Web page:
I've been trying to exercise my research muscles. Also known as "googling various Swahili terms and seeing if anything interesting pops up". I found a talk radio podcast and some short stories. It also turns out that there's a fair number of Swahili speakers on Twitter. One account seems to do a Humans of New York sort of thing, posting portraits and very short stories as told by the subject about their lives. I'm such a beginner that they're still rather difficult to work through, but if it's what I think, they're nice colloquially-written, simple and extremely short snippets to read. I might copy some into a notebook or post them here with some highlights and notes, when I get a little further along.

It's tempting to go full "linguist" and do a full morpheme-by-morpheme gloss for some of these. That might help me identify some new grammatical forms (a few prefixes pop up now and then and I'm not sure what they're doing), but I'm not sure it will actually help me with my comprehension since it's a rather intensive analysis.

I think I'll try to keep an eye out for other "entertaining" Swahili-language Twitter users. It's tricky to find them though, because it's not like they announce themselves as speaking Swahili, they just use Swahili, the same way I don't generally announce myself as an English speaker, I just use English. I may not even say the word English for long periods of time. So googling for "Swahili" or "Kiswahili" doesn't really get me much native material. I've had better luck searching for place names, or searching for a random common Swahili word on Twitter, which gets me a stream of Swahili tweets. Unless I choose poorly, and the same string of letters occurs in some other language, in which case Japanese or some such overwhelms the Swahili. I'm hoping that as my skills develop I'll be able to sift through the Swahili-speaking internet a bit better and start finding things that really interest me.


Otherwise I don't have much to report. I worked through some more of Language Transfer and I've been keeping up with Anki, and worked through some grammars on how the verbal extensions work. Most of them make sense, although I will need to see more examples of the stative before I really feel like it makes sense. I'm starting to feel like I have my head around quite a bit of grammar (Swahili is so delightfully regular), but I feel a bit "held back" about output and native input. I'm not sure if it's because I feel I don't have the vocabulary to say the things I want, or if it's just that, even though I understand a good chunk of the basic grammar, I'm just not accustomed to applying it practically.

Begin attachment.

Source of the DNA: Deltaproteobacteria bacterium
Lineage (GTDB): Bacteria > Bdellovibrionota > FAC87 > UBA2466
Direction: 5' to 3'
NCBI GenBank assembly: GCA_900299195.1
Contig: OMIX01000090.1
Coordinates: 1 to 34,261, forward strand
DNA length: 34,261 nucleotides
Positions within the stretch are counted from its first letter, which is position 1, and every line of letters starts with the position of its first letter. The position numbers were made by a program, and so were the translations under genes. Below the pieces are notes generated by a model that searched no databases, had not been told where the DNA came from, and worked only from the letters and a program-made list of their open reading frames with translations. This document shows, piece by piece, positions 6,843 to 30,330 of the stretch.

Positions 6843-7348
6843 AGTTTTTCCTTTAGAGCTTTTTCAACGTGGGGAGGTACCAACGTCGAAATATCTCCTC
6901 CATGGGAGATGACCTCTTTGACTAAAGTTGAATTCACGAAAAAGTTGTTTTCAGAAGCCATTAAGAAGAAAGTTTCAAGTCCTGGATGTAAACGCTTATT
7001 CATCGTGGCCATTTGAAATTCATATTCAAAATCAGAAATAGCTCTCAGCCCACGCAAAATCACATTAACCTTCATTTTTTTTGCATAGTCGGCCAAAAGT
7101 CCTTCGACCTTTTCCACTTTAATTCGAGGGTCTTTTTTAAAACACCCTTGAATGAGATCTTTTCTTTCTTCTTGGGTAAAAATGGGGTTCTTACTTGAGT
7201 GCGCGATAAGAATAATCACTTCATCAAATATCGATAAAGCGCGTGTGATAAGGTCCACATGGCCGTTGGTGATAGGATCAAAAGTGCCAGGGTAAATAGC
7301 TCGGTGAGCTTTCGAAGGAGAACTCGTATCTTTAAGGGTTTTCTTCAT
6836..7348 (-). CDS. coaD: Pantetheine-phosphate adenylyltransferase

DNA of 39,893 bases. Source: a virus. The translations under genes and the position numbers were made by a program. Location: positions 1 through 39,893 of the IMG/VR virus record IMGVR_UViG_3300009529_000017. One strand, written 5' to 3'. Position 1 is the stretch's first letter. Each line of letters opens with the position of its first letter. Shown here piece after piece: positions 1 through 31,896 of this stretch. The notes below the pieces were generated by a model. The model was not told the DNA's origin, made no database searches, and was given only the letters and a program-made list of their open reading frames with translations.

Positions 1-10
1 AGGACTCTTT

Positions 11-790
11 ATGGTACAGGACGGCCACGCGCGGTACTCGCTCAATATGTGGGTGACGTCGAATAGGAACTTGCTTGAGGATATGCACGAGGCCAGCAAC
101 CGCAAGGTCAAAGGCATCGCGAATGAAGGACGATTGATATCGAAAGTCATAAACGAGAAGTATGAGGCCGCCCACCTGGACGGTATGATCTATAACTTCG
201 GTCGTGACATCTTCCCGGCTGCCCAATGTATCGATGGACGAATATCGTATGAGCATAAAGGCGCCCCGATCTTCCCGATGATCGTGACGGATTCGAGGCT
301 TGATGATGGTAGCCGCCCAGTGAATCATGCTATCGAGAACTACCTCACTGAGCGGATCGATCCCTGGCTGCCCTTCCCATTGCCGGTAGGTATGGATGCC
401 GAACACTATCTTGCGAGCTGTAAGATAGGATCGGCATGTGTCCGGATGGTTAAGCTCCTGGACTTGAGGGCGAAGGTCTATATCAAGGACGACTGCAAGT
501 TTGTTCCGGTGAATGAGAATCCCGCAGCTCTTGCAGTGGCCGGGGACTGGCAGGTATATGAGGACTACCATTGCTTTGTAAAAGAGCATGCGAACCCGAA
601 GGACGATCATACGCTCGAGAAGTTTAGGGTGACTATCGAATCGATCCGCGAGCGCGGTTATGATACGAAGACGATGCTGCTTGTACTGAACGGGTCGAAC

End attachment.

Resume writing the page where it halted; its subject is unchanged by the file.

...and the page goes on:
I'm trying to moderate my pace a bit from the past few days, where I've been doing deep and intense Swahili study for most of the day. I'd love to continue at that pace, but pressing work/school matters are no longer willing to be ignored. I'll do my best to find some time for a lesson or some native input today, but my major focus unfortunately has to be elsewhere.
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Re: Mikonai's Swahili Log

Postby mikonai » Tue Jan 08, 2019 5:58 pm

I got a present! A friend of mine, when they heard I was working on Swahili, dug out an old grammar they have by E.O. Ashton. They apparently have two copies, so they gave me one. It's over 300 glorious pages cataloguing everything from the basic word order to the verbal extensions to the more obscure tenses to the various phonological processes that govern exactly what the causative looks like. It's oldish, from the 1940s, but it's exceedingly thorough, and I'm really looking forward to digging through it. I've been flipping to random pages and finding some new detail every time, even if it's a nuanced example or a phonological note on something I know the general idea of already. A lot of it is actually a bit fine-grained for me to internalize right now---and I think at my current point it's not useful for me to worry about it just yet---but it's fascinating and I think reading through little sections of it as I study new grammatical forms will be really useful in the long run. Plus it has that delightful old book smell :D

But, meantime I have a massive paper to write by end of Friday, so Swahili is mostly on hold while I devote all my time and brainpower to getting that done. I'm keeping my Duo streak alive and getting my Anki reps done, and I am trying to get a bit of native listening input in, but other than that, not getting kicked out of my program has to take priority.

See you on the other side! Probably with lots of comments from my new book.